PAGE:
Don went to the cardiologist’s office yesterday to have his ICD (implanted cardiac device – the pacemaker/defibrillator) checked out, and everything looks very good on that front. I called the urologist to make the follow up appointment after his lithotripsy, and it seems they want him to go back to Banner Desert hospital this week for another procedure called an “antegrade nephrostogram”, which (and I quote from the material we found on the internet about it) “is helpful in evaluating the nature of the blockage of a ureter and determining whether thearpy has relieved the obstruction.” As far as we can determine, they intend to inject dye into his kidney tubes, take an X-ray, and see if it goes though the ureters. It’s another outpatient procedure. That’ll happen this Friday. Then on Monday the 9th he has an appointment with the kidney specialist, and on Tuesday an appointment with the urologist to hear about the test results and determine what will happen next.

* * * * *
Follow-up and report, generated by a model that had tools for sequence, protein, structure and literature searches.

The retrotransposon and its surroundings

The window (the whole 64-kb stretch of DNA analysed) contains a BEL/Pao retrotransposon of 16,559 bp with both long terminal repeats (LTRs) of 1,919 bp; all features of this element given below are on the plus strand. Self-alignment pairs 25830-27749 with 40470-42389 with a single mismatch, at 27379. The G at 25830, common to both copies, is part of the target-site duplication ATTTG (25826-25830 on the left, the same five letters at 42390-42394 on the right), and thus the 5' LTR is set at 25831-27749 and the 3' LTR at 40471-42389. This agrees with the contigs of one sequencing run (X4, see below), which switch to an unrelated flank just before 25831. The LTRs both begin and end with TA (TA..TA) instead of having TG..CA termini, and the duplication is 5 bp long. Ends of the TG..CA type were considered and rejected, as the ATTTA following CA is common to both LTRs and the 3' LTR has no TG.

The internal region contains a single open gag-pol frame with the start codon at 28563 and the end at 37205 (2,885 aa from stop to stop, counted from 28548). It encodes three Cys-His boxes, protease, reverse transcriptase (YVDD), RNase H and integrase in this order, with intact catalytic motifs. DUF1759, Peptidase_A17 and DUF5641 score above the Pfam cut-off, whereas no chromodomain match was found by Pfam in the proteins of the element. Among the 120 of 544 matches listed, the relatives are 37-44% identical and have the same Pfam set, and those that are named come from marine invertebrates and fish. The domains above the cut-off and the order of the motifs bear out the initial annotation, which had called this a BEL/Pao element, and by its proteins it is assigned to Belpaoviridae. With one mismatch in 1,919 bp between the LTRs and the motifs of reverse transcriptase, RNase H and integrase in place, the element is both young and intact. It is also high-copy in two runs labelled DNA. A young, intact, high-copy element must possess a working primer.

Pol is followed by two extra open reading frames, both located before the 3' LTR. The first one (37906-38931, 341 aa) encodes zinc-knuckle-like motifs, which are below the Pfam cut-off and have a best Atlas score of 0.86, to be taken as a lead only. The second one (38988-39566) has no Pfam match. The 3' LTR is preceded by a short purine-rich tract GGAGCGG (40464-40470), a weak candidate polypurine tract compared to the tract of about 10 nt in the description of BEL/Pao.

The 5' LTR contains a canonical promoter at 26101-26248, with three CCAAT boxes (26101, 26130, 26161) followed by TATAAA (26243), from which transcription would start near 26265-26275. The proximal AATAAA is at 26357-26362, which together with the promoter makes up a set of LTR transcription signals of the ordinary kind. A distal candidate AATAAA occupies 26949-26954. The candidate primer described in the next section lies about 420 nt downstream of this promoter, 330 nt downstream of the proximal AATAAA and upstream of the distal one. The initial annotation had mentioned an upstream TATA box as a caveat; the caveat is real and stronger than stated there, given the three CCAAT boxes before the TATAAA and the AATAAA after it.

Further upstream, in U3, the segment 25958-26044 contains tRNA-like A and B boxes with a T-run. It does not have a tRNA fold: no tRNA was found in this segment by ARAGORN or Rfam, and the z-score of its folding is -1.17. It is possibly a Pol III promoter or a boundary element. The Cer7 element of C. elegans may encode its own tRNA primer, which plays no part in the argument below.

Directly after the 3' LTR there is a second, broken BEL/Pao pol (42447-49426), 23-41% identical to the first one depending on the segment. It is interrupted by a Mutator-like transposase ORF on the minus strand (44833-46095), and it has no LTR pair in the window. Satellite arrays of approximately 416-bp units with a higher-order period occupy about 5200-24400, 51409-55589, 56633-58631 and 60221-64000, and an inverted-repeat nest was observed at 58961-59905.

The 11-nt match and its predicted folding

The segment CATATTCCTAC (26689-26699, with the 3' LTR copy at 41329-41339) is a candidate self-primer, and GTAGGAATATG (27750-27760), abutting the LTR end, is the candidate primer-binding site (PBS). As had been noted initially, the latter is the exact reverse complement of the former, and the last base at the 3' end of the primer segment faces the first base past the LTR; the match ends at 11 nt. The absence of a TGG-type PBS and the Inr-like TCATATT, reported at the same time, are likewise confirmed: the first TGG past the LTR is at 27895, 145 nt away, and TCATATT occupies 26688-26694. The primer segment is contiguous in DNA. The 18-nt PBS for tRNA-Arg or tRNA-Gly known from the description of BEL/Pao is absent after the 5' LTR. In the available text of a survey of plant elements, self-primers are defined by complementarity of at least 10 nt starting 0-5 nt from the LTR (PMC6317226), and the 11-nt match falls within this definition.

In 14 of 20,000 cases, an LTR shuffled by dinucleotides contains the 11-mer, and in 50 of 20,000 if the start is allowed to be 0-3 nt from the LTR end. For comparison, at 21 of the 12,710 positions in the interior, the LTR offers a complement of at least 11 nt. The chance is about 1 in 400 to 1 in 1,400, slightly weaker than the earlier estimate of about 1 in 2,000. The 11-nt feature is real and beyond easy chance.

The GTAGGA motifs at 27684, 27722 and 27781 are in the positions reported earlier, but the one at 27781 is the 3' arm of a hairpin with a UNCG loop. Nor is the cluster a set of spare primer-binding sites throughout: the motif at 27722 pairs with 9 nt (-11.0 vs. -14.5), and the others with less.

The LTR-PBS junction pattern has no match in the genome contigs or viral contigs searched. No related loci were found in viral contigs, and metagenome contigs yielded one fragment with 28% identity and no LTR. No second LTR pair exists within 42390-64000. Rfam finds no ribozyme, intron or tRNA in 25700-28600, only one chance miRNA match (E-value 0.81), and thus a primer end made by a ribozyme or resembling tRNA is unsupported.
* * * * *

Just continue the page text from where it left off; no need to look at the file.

Don is still feeling good. We had a nice quiet weekend. He watched the Super Bowl. We live in Arizona, so you can guess his reaction to the results. Our lives have settled into something of a routine, and I feel okay about it. Most of the time, that is, until he actually has to undergo another procedure, then I find myself anxious and full of dread. He’s always much more calm about it. I know that we have to get this taken care of, so it’s most desirable that we keep moving forward. If only they could give me a sedative as well when they do something to him.
This morning, we were awakened by a phone call from the urologist’s office telling us that Don needed to go get some blood drawn for lab work in preparation for the procedure on Friday. So we got dressed – not an quick and easy proposition these days – and drove to the lab in Mesa before breakfast, where we sat for a LONG time before they got around to drawing his blood. When we finally got home, we had some brunch, after which I ran some errands and did a little computer work. Then the oddest thing happened.
I had to go to sleep. I spent much of the afternoon in a state of collapse on the couch. This is the first time since this began that this has happened to me. Which makes me realize that one can live for many weeks on sheer nerves. I feel fine, now, though I am looking forward to going to bed.
I’m always interested in what weird and wild things happen to us every day. I feel the need to keep notes, for I think that there is a lot to be learned, here. We are being taught compassion and patience, and if nothing else, I’m being given a lot of new material to write about.